“You can make leather tough, soft, heavy, light, dull — it’s all in the process. Treat it differently and it performs differently. Customers use our leathers in furniture, handbags, leather accessories and shoes, interior design, garments and after-market autos (if someone wants to reupholster their car) and pretty much anything you can think of. We try to cater to everyone’s leather needs.”
The company website is easy to navigate and informative. For example, browsers will find an upholstery chart that clearly illustrates the number of square feet needed to cover about 55 different styles of chairs, sofas and stools. And, there’s a handy glossary that explains the meaning of 109 leather terms like “double butt suede,” “fat wrinkle” and “pull-up.”
For website users, the best way to contact the business is by email or telephone, he said.
Leathers are sourced from about 50 tanneries throughout the world, including the U.S. “We work with tanneries all over — mostly in Europe and in the Far East, and some in the U.S., Brazil, Argentina, India, Pakistan, China, Korea and Taiwan, and many other countries.”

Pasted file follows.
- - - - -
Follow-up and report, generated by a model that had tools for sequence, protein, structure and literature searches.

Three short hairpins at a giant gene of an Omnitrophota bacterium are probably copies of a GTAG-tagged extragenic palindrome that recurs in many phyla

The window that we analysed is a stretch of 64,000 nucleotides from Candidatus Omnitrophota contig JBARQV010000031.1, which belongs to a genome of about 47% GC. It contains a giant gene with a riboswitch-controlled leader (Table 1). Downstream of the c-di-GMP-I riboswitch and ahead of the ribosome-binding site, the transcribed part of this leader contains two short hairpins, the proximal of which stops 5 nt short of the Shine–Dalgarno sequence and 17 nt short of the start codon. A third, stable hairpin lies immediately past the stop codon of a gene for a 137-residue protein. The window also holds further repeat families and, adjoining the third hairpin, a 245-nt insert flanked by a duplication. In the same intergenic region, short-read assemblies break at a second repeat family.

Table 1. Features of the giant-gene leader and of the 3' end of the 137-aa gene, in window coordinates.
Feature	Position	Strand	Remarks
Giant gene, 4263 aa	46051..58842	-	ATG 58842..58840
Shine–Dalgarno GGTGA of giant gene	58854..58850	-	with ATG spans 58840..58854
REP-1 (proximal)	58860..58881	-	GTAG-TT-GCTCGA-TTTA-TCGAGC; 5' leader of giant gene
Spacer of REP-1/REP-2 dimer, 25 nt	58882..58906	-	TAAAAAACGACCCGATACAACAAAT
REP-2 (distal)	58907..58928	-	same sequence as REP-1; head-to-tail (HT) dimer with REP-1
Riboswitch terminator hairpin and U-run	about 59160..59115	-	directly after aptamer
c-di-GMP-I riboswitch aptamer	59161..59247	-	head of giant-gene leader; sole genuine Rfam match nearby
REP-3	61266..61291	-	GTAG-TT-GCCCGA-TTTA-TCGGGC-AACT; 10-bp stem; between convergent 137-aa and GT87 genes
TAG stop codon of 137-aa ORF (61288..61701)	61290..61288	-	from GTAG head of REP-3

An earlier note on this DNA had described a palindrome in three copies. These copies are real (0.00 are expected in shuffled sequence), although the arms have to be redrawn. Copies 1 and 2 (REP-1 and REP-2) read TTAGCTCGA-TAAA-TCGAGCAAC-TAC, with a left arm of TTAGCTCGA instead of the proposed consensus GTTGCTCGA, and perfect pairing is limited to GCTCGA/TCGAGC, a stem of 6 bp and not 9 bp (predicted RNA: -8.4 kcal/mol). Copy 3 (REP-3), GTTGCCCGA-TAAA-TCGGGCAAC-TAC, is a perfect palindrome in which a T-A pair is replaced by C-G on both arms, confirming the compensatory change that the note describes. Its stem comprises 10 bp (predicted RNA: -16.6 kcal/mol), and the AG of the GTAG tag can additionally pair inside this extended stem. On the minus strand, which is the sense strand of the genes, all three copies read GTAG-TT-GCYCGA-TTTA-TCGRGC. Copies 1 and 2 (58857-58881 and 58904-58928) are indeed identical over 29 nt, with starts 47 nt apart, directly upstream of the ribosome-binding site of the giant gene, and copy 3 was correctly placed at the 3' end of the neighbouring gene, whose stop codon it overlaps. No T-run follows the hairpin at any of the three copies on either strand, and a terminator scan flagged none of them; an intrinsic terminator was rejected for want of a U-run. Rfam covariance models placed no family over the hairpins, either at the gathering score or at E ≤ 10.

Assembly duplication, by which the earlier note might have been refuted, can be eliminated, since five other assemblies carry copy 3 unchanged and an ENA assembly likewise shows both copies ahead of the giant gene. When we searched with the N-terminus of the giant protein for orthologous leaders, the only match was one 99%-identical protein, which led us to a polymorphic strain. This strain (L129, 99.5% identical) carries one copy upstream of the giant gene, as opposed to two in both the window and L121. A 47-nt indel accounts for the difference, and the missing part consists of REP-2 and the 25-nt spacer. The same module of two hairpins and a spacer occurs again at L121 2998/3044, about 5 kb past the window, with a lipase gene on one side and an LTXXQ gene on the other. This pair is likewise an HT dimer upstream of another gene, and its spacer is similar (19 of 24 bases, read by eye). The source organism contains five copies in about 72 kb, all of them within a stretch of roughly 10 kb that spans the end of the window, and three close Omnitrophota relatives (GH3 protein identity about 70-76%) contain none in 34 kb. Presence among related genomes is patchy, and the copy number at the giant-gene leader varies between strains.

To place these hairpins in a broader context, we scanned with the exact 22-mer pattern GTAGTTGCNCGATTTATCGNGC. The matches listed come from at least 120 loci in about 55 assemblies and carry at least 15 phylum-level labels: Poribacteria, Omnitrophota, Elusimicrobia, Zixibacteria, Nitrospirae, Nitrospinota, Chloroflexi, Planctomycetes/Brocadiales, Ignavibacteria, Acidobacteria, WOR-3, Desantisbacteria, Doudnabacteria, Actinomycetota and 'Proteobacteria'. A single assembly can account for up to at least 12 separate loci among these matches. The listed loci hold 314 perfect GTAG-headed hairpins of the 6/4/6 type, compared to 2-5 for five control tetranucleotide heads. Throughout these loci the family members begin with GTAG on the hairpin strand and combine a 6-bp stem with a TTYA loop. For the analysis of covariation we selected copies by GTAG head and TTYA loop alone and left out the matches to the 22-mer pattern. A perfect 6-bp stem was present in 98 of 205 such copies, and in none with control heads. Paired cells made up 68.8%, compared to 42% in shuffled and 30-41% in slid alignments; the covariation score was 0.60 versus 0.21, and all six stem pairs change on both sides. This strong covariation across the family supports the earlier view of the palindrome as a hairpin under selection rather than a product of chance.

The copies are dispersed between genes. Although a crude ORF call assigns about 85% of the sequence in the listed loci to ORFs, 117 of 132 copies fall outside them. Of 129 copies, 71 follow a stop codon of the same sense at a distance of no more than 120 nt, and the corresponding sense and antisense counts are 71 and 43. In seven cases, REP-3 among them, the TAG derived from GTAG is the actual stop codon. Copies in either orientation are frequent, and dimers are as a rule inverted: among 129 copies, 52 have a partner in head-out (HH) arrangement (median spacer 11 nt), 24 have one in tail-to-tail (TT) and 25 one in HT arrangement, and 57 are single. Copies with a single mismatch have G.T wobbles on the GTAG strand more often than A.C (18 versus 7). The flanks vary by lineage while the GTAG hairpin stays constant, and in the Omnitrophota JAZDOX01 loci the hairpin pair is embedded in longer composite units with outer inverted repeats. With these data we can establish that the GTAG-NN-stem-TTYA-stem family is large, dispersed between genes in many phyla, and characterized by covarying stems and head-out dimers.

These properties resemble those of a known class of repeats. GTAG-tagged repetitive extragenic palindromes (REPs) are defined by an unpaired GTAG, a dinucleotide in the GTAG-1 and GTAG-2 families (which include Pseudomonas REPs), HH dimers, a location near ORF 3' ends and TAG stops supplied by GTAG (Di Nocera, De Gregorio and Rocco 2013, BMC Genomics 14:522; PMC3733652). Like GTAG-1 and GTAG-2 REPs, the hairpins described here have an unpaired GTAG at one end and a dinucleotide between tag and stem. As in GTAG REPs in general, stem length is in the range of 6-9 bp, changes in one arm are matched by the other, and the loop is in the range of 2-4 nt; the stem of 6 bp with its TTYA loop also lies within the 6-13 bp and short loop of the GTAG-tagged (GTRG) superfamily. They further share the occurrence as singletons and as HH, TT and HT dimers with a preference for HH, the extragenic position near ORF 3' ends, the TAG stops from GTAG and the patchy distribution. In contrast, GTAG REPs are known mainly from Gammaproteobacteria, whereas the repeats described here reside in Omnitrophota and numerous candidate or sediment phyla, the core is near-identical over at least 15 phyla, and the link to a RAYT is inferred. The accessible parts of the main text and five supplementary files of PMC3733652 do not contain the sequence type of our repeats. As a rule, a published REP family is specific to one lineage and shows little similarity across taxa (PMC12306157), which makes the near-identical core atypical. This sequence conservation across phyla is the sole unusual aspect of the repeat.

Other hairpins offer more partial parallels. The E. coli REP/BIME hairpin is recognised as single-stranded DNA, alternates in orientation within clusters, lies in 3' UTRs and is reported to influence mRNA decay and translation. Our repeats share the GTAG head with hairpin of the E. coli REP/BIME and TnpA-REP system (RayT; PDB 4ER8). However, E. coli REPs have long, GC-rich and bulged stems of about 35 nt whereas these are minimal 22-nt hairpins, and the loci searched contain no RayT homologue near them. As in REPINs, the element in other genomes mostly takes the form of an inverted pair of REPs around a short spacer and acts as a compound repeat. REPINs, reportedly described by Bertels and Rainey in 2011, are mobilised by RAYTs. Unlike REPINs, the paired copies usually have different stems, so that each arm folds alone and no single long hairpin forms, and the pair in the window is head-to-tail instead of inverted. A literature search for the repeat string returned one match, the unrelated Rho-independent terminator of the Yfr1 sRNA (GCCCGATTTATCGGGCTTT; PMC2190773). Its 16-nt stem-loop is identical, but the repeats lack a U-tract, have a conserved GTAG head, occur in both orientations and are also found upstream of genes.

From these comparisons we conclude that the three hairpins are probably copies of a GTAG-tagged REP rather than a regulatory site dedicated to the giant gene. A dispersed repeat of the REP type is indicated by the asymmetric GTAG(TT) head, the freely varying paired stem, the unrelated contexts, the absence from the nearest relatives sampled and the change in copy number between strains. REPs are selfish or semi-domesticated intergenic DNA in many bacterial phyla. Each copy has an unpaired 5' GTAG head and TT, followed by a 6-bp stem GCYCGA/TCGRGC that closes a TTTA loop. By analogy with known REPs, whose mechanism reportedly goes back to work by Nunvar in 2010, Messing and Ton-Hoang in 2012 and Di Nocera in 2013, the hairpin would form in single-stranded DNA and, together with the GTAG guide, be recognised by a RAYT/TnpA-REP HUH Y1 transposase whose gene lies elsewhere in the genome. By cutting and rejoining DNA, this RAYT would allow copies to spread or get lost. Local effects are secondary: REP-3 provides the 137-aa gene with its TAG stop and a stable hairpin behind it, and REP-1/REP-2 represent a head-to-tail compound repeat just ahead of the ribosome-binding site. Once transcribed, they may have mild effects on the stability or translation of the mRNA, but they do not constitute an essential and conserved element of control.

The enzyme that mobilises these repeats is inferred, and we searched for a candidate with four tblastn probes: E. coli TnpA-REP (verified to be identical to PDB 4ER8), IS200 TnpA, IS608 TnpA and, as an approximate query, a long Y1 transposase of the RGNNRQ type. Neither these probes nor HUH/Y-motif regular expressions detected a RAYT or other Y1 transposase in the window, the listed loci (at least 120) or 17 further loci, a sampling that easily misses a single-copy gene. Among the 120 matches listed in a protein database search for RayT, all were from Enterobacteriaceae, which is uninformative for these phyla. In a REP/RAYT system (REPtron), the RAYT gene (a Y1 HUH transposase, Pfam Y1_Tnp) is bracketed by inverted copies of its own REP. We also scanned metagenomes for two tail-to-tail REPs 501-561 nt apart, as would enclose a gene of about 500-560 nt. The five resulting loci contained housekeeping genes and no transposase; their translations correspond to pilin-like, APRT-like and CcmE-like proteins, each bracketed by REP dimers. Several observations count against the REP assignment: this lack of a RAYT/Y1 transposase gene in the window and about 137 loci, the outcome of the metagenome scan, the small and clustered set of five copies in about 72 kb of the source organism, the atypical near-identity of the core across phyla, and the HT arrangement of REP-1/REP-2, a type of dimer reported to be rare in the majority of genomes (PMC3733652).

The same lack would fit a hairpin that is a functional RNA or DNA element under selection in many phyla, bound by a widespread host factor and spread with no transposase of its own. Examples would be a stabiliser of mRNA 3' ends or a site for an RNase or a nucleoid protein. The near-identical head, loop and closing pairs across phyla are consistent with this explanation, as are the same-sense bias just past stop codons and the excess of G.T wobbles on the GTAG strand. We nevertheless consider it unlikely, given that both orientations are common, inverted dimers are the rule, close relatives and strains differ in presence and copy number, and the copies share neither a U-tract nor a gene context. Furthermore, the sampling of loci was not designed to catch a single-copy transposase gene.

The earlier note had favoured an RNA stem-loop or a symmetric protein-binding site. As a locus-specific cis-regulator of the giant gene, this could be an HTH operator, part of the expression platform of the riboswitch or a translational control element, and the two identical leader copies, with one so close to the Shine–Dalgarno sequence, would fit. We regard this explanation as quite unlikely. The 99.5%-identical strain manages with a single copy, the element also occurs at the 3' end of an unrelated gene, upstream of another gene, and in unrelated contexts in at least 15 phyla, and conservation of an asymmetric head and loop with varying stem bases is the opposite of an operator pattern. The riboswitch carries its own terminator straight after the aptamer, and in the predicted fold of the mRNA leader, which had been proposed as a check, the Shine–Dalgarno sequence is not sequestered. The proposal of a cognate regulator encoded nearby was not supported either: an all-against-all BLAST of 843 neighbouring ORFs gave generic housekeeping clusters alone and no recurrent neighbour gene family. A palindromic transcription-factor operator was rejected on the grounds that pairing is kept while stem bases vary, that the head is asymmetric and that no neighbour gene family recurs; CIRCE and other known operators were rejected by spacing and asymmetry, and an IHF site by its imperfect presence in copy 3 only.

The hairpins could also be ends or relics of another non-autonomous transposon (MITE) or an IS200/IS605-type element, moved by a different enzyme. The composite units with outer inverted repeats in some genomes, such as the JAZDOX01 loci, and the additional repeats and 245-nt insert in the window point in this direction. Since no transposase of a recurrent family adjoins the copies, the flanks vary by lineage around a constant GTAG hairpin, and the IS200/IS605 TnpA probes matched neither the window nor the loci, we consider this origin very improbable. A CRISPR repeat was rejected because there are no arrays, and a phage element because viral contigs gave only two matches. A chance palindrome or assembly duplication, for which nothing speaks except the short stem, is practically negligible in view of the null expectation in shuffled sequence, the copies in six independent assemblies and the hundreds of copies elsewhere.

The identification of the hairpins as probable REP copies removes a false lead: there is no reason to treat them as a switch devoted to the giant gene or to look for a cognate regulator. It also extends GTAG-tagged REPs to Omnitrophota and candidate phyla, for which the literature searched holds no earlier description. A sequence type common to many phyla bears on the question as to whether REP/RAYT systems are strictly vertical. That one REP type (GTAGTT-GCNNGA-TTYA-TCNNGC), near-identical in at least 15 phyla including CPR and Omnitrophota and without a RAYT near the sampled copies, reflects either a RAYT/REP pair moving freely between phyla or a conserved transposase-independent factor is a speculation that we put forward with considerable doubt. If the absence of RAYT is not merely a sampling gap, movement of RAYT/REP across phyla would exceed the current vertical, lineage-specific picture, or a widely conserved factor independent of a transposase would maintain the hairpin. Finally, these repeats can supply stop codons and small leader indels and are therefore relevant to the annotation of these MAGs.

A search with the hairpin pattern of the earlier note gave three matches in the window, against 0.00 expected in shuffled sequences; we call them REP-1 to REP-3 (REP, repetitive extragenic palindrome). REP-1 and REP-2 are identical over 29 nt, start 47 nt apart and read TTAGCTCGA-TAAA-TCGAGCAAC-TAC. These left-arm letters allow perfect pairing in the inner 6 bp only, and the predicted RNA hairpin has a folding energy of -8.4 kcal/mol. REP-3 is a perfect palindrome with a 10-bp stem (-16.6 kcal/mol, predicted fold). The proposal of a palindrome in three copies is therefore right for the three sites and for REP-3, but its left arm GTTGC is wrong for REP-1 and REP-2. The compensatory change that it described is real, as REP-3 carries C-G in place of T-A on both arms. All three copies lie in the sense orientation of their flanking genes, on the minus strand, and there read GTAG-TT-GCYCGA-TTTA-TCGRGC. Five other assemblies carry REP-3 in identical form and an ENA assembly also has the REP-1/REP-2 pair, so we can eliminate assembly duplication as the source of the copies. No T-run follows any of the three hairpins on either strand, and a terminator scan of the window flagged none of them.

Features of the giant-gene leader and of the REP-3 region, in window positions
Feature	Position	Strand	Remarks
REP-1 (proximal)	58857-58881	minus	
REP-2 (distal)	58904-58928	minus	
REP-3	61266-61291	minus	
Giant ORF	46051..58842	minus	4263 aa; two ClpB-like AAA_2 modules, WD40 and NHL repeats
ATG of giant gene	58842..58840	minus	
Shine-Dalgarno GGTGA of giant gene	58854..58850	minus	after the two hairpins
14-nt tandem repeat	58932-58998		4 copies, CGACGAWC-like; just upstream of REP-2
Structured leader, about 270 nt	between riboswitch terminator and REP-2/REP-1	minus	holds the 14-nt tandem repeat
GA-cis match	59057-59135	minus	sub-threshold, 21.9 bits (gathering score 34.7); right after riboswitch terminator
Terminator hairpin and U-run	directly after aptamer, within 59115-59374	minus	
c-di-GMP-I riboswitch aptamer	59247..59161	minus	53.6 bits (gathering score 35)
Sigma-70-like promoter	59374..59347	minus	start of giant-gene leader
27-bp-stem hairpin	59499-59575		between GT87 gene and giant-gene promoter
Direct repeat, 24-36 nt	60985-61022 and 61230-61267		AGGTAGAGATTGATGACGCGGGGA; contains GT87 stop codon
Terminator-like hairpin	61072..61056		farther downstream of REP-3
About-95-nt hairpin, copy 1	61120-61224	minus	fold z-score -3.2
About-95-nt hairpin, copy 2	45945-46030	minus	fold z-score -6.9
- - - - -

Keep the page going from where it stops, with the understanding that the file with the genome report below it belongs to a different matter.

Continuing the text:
Crystal is also fostering a growing interest in sustainably produced leathers. “There has been a change in the mentality of our purchasers. In the end, they want leather that is more natural and clean, manufactured with tree bark and natural ways of tanning, instead of chemicals. They’re aiming for more ecologically sound, more green, more organic. I see the future is definitely trending that way every year.
“We are growing that end of the business,” he added. “Now, people are coming up with olive-leaf-based leather tanning. It’s available in the European Union, right now,” he said. Indeed, non-toxic tannins are being used by leather manufacturers in Greece, Germany, India, Brazil, Mexico and more.
“We’re starting to go toward tanneries that are ecologically friendly in the U.S. and abroad. We’re starting to carry the ‘friendly’ leathers. It’s kind of new — the change to more natural ways of making leather,” he said.
SLOW AND STEADY